Nothing gets people going like house prices. I did a piece elsewhere which pointed out that for the cost of a small family house in Fulham you could now buy a street in Sunderland. That was on Monday. By Wednesday, Boris Johnson, Mayor of London, was demanding that his London Authority should be allowed to collect the hundreds of millions of pounds raised in stamp duty on the sale of expensive homes in the capital. He would then use those funds to finance the building of affordable homes so millions of ordinary Londoners – those already here and others forecast to arrive in the coming decade – would have at least some chance of getting on the housing ladder.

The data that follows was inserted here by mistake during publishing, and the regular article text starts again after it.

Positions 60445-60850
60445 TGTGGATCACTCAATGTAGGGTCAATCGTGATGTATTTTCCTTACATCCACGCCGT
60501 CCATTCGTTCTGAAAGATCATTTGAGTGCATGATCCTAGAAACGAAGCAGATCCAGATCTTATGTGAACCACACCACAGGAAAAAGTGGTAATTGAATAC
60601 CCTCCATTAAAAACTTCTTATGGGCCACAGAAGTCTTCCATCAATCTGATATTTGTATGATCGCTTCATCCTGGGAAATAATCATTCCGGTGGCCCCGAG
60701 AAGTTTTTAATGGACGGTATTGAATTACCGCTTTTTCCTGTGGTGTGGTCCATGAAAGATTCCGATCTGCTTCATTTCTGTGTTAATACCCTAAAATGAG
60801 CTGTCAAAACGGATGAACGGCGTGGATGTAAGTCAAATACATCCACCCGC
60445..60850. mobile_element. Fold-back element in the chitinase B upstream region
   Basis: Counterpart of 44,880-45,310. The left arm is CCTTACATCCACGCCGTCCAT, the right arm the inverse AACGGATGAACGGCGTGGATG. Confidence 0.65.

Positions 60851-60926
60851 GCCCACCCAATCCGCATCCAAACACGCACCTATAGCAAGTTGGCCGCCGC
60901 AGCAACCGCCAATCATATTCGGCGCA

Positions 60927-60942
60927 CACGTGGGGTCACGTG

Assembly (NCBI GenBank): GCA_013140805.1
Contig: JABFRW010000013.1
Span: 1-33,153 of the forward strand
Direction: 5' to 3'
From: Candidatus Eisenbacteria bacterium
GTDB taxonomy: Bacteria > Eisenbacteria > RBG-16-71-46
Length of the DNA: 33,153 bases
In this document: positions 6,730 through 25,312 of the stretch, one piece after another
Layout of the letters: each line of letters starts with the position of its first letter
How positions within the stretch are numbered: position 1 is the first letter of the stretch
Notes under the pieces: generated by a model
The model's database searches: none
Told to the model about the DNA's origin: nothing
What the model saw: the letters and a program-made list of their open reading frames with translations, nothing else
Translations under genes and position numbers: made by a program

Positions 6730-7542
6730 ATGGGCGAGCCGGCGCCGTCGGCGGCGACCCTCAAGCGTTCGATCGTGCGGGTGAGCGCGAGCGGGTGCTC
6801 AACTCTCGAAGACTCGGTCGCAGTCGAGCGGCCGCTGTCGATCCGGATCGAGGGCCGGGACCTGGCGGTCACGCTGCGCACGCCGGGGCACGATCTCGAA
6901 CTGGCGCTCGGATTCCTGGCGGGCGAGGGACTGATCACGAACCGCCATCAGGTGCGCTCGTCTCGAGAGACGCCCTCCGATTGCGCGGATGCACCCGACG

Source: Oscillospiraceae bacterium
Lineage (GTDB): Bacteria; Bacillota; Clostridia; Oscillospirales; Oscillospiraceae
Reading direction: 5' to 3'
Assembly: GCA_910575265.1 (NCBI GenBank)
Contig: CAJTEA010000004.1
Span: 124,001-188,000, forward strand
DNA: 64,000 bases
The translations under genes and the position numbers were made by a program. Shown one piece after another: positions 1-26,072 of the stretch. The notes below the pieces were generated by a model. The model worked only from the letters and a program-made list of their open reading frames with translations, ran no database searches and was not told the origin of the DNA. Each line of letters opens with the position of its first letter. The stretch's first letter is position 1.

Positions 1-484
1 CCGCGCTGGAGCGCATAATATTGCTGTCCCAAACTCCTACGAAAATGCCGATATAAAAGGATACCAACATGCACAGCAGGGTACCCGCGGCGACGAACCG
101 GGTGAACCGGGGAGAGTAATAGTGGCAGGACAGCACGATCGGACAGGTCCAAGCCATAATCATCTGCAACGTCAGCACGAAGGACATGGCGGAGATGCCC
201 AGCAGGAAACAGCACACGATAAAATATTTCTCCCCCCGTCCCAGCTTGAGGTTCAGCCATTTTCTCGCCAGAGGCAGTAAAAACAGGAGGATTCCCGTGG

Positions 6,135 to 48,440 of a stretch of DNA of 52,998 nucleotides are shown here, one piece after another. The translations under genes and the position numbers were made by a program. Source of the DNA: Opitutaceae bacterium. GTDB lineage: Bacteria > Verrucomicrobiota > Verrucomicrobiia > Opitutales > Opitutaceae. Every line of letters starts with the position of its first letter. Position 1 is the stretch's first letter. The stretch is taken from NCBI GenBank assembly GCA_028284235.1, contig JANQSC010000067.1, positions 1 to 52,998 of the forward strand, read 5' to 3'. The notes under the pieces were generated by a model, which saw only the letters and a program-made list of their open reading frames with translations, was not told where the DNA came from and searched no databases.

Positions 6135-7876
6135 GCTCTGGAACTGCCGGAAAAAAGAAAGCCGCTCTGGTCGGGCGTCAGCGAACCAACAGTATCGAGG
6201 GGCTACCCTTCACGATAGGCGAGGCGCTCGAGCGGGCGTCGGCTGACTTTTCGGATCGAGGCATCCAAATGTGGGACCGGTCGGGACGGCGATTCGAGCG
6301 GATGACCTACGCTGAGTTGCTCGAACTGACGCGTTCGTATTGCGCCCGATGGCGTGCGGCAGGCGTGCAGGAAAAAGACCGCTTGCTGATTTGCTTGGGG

In theory it is not a bad idea, but Boris knows as well as everyone else that there is not a chance of it happening. The Treasury is determined not to loosen the purse strings for any local authority. And I doubt whether Messrs Cameron and Osborne would support a plan which would give Boris the opportunity to raise his profile even higher. So it was more stunt than strategy.
Elsewhere, though, things do appear to be getting easier. On Tuesday the chief executives of half a dozen of the largest building societies after the Nationwide – like the Skipton, Nottingham, Cambridgeshire – hosted a lunch to raise their profile and to stress that they were very much open for business with money to lend. One, the Nottingham, even said it had 90 per cent mortgages available in its home area for the right kind of buyer, but has surprisingly few takers – largely because the economic uncertainty was making people nervous about taking on such a large commitment.
The good thing was that they all seemed genuinely up beat. Clearly times are still difficult but the money was beginning to flow again , activity was picking up and they all thought it was definitely getting better.